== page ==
Apartment Idaman is made up of 2,424 apartment units densely packed into 18 blocks. It is estimated that over 10,000 people live here.
This density is well on Fire Squad Chief Mohd Suhaimi Sabdin’s mind.
“If a fire spreads in this complex, it endangers a large number of people, so it is a high priority to educate the residents,” says Chief Suhaimi.
“I’m sorry to have to put it this way; but being part of a low-income community, awareness needs to start at a very basic level and it takes a lot of convincing to get people to consider taking this seriously.”
Basic understanding such as not leaving a stove unattended still needs to be taught as a key message. Because as Chief Suhaimi reveals, there were at least ten cases of kitchen fires back in 2013 alone.
“It was happening too frequently, where someone would leave the stove on to heat up food and then leave to go to the store,” he says.
The danger didn’t end there. The apartment complex being densely populated meant that the roads are always congested with cars. This has on multiple occasions blocked and slowed down fire trucks from entering and putting out fires.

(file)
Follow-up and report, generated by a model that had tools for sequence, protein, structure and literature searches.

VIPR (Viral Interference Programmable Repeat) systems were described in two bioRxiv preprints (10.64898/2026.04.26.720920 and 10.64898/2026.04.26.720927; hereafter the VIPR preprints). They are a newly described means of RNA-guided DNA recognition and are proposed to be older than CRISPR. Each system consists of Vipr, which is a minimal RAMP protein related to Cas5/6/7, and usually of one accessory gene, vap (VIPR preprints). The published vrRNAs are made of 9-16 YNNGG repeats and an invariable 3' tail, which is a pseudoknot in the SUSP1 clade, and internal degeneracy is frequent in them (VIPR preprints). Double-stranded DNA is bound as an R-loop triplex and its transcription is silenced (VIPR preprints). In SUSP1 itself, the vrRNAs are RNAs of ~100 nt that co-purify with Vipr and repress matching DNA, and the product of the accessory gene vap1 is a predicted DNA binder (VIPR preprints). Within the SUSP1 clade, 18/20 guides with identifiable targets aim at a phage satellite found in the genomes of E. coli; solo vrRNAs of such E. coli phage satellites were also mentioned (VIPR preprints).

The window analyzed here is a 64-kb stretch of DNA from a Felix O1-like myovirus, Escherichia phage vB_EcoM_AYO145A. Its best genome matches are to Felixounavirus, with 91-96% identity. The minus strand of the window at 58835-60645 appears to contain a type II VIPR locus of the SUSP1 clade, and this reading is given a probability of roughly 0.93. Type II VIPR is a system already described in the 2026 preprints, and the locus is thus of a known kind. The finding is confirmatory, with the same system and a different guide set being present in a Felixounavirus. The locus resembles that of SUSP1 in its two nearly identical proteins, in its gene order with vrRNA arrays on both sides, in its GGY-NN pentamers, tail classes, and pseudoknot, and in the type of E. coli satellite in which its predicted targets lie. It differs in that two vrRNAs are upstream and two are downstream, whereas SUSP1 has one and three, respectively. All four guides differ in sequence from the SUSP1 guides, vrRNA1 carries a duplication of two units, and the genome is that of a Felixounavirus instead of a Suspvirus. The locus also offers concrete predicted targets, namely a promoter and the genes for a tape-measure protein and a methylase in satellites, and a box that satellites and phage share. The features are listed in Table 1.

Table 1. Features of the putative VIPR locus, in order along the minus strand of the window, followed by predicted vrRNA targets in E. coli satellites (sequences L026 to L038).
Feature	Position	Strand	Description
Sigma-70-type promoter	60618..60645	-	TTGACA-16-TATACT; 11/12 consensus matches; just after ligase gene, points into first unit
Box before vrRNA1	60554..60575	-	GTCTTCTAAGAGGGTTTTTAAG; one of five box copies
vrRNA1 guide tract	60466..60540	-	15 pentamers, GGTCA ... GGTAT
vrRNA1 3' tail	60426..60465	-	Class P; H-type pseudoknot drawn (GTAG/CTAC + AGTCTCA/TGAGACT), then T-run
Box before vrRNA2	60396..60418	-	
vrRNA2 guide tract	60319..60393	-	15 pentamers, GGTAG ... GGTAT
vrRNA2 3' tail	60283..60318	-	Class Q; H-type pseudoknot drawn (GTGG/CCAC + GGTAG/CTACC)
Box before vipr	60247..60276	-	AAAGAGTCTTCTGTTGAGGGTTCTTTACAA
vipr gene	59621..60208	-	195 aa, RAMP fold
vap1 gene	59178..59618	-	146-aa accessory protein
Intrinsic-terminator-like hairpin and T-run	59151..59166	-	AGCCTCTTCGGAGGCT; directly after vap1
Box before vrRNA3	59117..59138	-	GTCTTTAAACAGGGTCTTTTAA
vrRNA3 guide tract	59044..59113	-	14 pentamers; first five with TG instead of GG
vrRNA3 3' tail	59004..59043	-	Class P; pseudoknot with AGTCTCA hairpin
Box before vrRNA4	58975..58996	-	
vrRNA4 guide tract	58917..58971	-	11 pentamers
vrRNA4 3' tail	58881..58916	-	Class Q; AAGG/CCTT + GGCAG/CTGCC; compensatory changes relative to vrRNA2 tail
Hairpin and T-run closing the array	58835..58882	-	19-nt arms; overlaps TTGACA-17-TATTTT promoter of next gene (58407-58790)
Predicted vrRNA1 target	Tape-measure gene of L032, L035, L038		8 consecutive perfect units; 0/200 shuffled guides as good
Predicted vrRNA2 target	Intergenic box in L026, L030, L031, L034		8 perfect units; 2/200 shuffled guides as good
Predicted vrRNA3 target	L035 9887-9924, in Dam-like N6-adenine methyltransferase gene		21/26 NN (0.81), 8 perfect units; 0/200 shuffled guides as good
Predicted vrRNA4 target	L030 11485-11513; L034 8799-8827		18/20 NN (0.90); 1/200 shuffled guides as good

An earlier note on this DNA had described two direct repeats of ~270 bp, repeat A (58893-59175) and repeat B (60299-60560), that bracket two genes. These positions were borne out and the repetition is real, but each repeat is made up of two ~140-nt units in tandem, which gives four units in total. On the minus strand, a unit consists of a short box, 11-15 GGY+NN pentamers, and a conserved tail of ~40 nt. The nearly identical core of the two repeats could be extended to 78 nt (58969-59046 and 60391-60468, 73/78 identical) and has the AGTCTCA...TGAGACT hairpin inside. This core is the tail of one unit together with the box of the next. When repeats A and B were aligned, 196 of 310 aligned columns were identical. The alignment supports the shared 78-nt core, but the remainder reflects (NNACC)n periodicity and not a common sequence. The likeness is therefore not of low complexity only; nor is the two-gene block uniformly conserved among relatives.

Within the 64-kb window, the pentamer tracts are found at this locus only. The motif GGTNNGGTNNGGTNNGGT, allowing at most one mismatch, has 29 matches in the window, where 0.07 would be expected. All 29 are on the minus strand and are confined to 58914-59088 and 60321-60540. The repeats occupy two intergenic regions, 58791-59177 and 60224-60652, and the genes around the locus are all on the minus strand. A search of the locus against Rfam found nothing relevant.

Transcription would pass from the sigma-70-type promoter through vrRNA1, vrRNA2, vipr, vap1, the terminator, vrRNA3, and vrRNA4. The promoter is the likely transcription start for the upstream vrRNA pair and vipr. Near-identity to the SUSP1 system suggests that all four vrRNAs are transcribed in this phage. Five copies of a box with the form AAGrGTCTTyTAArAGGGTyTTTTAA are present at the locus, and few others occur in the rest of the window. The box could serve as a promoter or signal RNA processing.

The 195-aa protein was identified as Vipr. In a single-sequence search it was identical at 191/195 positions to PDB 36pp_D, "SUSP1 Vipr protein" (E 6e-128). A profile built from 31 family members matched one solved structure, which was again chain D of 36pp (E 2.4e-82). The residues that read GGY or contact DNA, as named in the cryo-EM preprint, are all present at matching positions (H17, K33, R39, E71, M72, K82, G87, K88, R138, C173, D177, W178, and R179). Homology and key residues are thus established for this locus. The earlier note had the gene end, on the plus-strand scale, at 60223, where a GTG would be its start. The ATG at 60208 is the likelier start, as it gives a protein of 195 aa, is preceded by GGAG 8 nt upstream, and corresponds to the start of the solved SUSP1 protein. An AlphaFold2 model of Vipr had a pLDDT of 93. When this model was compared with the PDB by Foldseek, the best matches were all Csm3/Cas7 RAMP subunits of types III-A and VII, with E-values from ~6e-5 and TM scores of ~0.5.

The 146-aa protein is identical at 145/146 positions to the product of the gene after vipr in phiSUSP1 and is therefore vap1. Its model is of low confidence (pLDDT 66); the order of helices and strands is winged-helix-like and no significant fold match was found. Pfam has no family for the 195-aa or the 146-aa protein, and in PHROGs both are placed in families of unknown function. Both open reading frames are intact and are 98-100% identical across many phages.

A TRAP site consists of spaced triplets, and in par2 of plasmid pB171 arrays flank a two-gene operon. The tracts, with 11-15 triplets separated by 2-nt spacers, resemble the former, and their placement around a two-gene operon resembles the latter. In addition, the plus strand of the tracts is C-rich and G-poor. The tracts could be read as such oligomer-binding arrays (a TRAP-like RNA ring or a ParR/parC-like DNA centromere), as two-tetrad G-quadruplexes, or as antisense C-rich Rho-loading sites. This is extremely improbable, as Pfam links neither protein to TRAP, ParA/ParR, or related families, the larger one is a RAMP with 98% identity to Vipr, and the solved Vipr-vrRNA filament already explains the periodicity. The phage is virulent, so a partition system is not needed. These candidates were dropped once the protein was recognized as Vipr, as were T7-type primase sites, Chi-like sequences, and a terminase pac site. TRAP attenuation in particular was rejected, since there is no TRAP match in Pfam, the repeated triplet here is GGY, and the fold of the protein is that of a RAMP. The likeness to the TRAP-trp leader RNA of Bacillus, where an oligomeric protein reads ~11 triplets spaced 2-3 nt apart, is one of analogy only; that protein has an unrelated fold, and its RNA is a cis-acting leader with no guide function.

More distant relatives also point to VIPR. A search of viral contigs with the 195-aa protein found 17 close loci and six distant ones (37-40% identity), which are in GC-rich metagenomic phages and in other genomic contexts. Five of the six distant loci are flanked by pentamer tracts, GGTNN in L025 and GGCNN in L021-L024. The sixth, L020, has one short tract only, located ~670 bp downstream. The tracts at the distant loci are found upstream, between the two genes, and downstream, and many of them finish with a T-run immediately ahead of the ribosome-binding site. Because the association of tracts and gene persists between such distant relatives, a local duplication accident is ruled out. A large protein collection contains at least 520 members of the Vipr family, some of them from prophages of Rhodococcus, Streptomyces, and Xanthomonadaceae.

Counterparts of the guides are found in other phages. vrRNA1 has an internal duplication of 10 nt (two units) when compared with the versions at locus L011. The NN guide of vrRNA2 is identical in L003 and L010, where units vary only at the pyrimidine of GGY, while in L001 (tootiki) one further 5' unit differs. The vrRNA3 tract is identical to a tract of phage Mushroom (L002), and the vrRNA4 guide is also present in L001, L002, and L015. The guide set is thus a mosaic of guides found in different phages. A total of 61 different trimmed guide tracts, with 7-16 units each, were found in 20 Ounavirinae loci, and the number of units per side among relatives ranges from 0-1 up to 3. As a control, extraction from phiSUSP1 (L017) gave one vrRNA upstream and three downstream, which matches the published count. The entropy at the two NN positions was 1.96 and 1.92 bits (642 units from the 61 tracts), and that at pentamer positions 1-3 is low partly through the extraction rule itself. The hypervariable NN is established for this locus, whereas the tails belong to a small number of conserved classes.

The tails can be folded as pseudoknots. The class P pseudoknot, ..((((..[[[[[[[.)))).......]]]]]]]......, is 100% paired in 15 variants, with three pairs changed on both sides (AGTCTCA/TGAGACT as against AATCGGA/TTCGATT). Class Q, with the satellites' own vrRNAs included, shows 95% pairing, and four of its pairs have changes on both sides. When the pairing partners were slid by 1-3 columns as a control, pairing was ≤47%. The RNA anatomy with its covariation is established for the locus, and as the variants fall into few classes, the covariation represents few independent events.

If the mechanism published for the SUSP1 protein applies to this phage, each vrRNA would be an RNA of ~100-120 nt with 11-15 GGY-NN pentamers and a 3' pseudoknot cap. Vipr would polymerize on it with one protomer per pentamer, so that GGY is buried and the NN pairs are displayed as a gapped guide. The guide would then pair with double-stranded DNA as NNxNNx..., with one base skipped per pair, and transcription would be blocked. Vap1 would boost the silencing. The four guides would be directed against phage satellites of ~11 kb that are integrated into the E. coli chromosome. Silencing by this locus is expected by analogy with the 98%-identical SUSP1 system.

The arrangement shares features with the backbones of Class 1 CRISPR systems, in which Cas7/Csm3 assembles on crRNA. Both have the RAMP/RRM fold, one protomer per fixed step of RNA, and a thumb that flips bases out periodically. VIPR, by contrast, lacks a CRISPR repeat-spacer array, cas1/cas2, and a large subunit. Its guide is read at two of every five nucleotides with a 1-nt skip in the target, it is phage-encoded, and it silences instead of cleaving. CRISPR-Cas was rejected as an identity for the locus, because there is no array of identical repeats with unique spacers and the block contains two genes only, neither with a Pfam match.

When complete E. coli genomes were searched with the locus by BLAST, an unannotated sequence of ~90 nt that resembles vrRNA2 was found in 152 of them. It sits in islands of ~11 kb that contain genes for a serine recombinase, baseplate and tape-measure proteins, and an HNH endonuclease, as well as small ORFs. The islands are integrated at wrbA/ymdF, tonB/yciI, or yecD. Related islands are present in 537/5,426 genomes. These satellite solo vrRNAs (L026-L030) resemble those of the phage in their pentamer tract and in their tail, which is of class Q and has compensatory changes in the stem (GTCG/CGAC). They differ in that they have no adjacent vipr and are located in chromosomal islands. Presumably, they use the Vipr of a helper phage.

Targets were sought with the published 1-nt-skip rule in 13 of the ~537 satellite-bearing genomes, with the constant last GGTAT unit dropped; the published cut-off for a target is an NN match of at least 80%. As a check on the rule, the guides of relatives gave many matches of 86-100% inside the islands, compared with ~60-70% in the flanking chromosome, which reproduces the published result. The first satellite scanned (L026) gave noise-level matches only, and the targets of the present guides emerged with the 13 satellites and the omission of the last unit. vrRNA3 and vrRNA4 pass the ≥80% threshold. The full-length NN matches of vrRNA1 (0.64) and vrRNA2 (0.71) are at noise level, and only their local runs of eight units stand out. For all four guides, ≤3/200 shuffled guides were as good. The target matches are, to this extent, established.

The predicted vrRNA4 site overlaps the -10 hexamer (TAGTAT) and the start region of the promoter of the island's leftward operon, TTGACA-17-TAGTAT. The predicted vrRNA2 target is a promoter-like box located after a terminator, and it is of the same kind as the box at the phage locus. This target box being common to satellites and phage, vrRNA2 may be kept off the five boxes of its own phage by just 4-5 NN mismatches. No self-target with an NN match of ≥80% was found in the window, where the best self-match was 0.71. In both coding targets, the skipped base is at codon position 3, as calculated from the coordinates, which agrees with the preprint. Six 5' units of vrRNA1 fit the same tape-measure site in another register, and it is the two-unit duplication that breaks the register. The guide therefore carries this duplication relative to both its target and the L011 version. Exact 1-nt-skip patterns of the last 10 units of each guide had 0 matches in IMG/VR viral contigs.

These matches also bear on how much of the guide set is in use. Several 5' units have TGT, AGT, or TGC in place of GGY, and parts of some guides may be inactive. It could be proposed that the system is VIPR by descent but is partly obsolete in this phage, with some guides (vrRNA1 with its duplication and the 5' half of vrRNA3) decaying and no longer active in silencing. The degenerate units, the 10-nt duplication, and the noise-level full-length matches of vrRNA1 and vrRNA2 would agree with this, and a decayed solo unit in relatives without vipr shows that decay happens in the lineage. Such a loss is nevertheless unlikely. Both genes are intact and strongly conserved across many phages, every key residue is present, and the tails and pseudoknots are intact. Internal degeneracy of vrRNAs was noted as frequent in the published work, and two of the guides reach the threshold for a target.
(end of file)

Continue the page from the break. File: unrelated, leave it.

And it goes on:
“We recognised that we needed to be able to mobilise an initial response team during these emergencies for everyone’s safety,” says Chief Suhaimi.
The Apartment Idaman Resident Association (IRAS) had in 2012 decided that the fire problem needed to be addressed.
Chief Suhaimi was approached to lead the Fire Squad. As a retiree from the army fire department, the association agreed that he was the perfect candidate to be made chief.
“We decided to start with a basic safety talk that was open to all the residents. We tried attracting them to attend by giving out free t-shirts to the first 100 people,” Chief Suhaimi explains.
“The event allowed us to find potential volunteers to train and form the Fire Squad.”